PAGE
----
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Fit for Duty. . . Fit for Life!
“Fit for Duty. . .Fit for Life!” is a lifestyle-based column provided by USPHS Dietitians/Nutritionists.

Submitted by Therapist Professional Advisory Committee Healthy Lifestyle Subcommittee:
LCDR Damien Avery, USPHS and LCDR Tracy Gualandi, USPHS

Physical Activity Guidelines for Americans
Chapter 3: Active Children and Adolescents 

How Do the 2008 Physical Activity Guidelines for Americans Apply to Children and Adolescents?

The 2008 Physical Activity Guidelines for Americans (http://www.health.gov/PAGuidelines/default.aspx) dedicates Chapter 3 to activity recommendations for children and adolescents aged 6 to 17. It is recommended that youth participate in moderate to vigorous intensity physical activity in increments that add up to 60 minutes or more each day to significantly improve overall health. With this information, parents and their communities can play a vital role in encouraging our youth to participate in physical activity beyond baseline levels.

By meeting the healthy guideline recommendations, children and adolescents not only develop good habits that last a lifetime, they also build bone density that is particularly important before and during the years of puberty, a time when the greatest gains in bone mass occur. Other health benefits include decreasing obesity, and reducing the development of risk factors associated with heart disease, hypertension, and type 2 diabetes. Increasing physical activity may also play a role in reducing anxiety and depression in children and adolescents. These health benefits are more dependent on overall physical activity, and less dependent on specific components of frequency, intensity, and duration of exercise. And, they can be achieved through a variety of activities, instead of dedicated aerobic, muscle-strengthening, and bone-strengthening exercises.

Key Guidelines for Children and Adolescents
  • Children and adolescents should do 60 minutes or more of physical activity daily. This physical activity should include the following three categories:
    1. Aerobic: Most of the 60 minutes a day should be either moderate-intensity or vigorous-intensity aerobic physical activity, and should include vigorous-intensity physical activity at least 3 days a week. (Examples of moderate activities include riding a bike or walking to school, while vigorous activities include running, playing tag, playing sports such as soccer and swimming.)
    2. Muscle-Strengthening: As part of their 60 or more minutes of daily physical activity, children and adolescents should include muscle-strengthening physical activity on at least 3 days of the week. (Examples include climbing, playing on playground equipment, and playing tug-of-war.)
    3. Bone-strengthening: As part of their 60 or more minutes of daily physical activity, children and adolescents should include bone-strengthening physical activity on at least 3 days of the week. (Examples include running, jumping, and playing hopscotch.)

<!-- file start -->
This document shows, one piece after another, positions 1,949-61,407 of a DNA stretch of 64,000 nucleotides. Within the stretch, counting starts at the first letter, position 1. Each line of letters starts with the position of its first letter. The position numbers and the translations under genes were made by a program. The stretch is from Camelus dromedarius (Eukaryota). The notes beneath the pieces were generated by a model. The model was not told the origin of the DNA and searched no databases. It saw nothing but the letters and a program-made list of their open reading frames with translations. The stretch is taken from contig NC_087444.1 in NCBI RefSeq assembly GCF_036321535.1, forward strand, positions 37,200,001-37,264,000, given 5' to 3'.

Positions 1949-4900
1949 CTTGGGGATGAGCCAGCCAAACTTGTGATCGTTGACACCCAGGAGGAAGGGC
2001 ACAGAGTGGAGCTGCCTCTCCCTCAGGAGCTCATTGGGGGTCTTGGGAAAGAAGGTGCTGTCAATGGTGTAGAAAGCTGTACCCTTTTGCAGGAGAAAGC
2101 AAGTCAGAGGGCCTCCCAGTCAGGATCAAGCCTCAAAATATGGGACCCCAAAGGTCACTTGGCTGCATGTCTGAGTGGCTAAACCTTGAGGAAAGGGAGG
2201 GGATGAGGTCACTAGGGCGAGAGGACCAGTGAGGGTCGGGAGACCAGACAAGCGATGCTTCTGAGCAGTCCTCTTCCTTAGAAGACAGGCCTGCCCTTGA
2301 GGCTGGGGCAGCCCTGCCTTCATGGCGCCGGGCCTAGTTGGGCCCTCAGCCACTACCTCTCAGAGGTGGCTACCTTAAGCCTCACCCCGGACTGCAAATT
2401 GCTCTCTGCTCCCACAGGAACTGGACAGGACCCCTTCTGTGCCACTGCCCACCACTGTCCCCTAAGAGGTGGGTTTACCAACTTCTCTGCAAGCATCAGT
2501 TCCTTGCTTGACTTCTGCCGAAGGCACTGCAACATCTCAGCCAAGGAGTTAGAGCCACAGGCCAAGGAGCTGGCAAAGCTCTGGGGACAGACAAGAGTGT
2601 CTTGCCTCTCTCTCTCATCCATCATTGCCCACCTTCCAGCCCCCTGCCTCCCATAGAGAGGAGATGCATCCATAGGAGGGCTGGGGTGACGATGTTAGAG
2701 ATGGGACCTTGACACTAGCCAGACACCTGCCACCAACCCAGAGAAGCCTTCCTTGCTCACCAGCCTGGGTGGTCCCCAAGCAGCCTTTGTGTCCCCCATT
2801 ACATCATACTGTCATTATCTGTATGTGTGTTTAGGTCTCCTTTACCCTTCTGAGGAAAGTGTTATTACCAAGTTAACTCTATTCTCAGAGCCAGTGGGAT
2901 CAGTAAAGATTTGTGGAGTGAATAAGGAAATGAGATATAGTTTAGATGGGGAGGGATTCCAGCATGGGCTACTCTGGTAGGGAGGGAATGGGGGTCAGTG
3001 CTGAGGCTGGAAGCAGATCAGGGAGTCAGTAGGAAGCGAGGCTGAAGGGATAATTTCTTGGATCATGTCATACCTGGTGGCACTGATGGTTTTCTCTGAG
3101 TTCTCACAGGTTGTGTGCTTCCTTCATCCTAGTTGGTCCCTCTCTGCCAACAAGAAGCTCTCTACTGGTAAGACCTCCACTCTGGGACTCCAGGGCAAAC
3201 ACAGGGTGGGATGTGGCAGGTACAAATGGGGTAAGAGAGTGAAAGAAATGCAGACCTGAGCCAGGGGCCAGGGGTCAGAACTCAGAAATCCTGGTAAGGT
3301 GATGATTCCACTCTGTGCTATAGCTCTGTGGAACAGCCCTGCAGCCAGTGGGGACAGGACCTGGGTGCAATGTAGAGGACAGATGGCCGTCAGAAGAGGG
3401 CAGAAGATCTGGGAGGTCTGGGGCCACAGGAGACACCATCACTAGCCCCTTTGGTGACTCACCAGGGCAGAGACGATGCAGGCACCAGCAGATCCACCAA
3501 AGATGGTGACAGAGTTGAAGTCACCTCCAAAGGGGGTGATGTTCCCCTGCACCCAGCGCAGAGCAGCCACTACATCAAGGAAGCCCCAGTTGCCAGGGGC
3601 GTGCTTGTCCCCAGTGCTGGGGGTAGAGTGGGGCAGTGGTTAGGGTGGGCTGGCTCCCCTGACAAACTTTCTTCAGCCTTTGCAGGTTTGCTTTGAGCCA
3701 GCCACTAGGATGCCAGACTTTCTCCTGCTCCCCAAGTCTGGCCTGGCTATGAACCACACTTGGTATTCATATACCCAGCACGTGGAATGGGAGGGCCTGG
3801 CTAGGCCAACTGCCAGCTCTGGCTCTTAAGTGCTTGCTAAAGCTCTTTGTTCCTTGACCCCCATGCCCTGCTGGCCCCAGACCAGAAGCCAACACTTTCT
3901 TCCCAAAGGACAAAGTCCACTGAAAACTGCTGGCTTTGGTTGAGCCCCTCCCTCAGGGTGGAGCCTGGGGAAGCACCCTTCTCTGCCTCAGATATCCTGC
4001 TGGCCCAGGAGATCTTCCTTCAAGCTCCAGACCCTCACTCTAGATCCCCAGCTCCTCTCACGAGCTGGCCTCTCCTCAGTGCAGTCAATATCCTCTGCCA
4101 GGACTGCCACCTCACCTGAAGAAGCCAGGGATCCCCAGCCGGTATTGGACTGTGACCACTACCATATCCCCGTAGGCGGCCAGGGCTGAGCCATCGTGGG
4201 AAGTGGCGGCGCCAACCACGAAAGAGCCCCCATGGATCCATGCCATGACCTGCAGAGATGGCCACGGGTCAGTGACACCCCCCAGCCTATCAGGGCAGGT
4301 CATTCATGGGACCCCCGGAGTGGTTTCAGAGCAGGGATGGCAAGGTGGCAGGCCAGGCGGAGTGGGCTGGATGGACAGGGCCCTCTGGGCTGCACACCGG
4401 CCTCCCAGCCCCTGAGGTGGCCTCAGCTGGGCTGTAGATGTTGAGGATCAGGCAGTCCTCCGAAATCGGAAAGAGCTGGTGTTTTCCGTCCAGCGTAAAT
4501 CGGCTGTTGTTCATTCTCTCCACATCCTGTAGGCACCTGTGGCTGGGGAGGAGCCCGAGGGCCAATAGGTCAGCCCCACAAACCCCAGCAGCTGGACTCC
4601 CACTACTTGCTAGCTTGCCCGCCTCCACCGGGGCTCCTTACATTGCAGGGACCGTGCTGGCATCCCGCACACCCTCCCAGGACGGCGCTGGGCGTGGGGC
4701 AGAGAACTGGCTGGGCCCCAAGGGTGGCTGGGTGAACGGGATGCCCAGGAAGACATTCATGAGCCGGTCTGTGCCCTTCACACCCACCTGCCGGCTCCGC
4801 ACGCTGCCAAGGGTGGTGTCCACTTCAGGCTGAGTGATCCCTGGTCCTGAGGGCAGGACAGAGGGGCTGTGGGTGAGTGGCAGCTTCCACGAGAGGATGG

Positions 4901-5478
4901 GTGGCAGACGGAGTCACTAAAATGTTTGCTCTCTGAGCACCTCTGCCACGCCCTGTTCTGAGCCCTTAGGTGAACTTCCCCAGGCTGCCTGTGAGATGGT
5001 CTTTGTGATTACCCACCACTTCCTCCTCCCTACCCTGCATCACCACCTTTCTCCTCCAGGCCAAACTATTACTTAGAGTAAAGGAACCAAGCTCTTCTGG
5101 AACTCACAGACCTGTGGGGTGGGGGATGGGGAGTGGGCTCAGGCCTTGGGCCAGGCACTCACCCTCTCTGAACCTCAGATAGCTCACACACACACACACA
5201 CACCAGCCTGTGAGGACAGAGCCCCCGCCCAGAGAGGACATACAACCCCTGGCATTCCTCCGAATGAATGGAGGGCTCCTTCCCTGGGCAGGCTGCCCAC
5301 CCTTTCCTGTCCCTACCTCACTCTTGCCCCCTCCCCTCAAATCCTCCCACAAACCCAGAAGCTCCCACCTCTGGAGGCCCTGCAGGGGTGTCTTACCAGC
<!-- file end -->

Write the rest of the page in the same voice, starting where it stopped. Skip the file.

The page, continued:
• It is important to encourage young people to participate in physical activities that are appropriate for their age, enjoyable, and offer variety. While exercise for children and adolescents is important, it may be best done through activities that are fun and normally involve ‘play’ versus structured workouts like lifting weights or walking on a treadmill.
  • Children should be encouraged to actively improve aerobic fitness, muscle strength, and bone strength on a regular basis. These three areas of physical activity are normally found in regular child’s play such as that found at school recess including: running, climbing, and jumping.
  • Some activities, such as bike riding, can be both moderate and vigorous depending on the effort of the child involved.
Age Influences on Physical Activity in Children and Adolescents and Meeting the Guidelines

Younger children are naturally active through unstructured activities with spontaneous play, and short bursts of activity. These activities are usually a good mix between moderate-intensity and vigorous intensity exercise. Once children grow into adolescents, their activities generally become more structured in organized sports and games.

Adults should encourage children and adolescents who do not meet the Guidelines to gradually increase the activity levels in ways they enjoy. This can prevent injury, and encourage the development of healthy habits. For those children and adolescents who are already meeting the Guidelines, activity beyond the recommended 60 minutes per day may provide additional health benefits. If children and adolescents exceed the Guidelines, care should be taken to ensure activities are varied, and that adequate time is taken for recovery and recuperation to prevent overtraining.

In summary, it is important that adults encourage children and adolescents to develop healthy lifestyles and better habits to last a lifetime. The benefits of developing a healthy lifestyle as a child continue into adulthood as evidenced by lower risks for developing obesity-related diseases. If children enjoy living a healthy lifestyle consisting of a variety of activities that are fun, they are likely to stick with it. For more examples of types of activity, and real life examples click here http://www.health.gov/PAGuidelines/guidelines/chapter3.aspx and help our children become more active!
Note: The series “Fit For Duty…Fit for Life!”, is a lifestyle-based column that has been provided by the USPHS Dietitian/Nutritionist PAC (D/N-PAC). Look for “Fit for Duty…Fit for Life!” articles throughout 2009 addressing various issues related to weight management including diet and exercise tips. Thanks to the Therapist PAC for this article.

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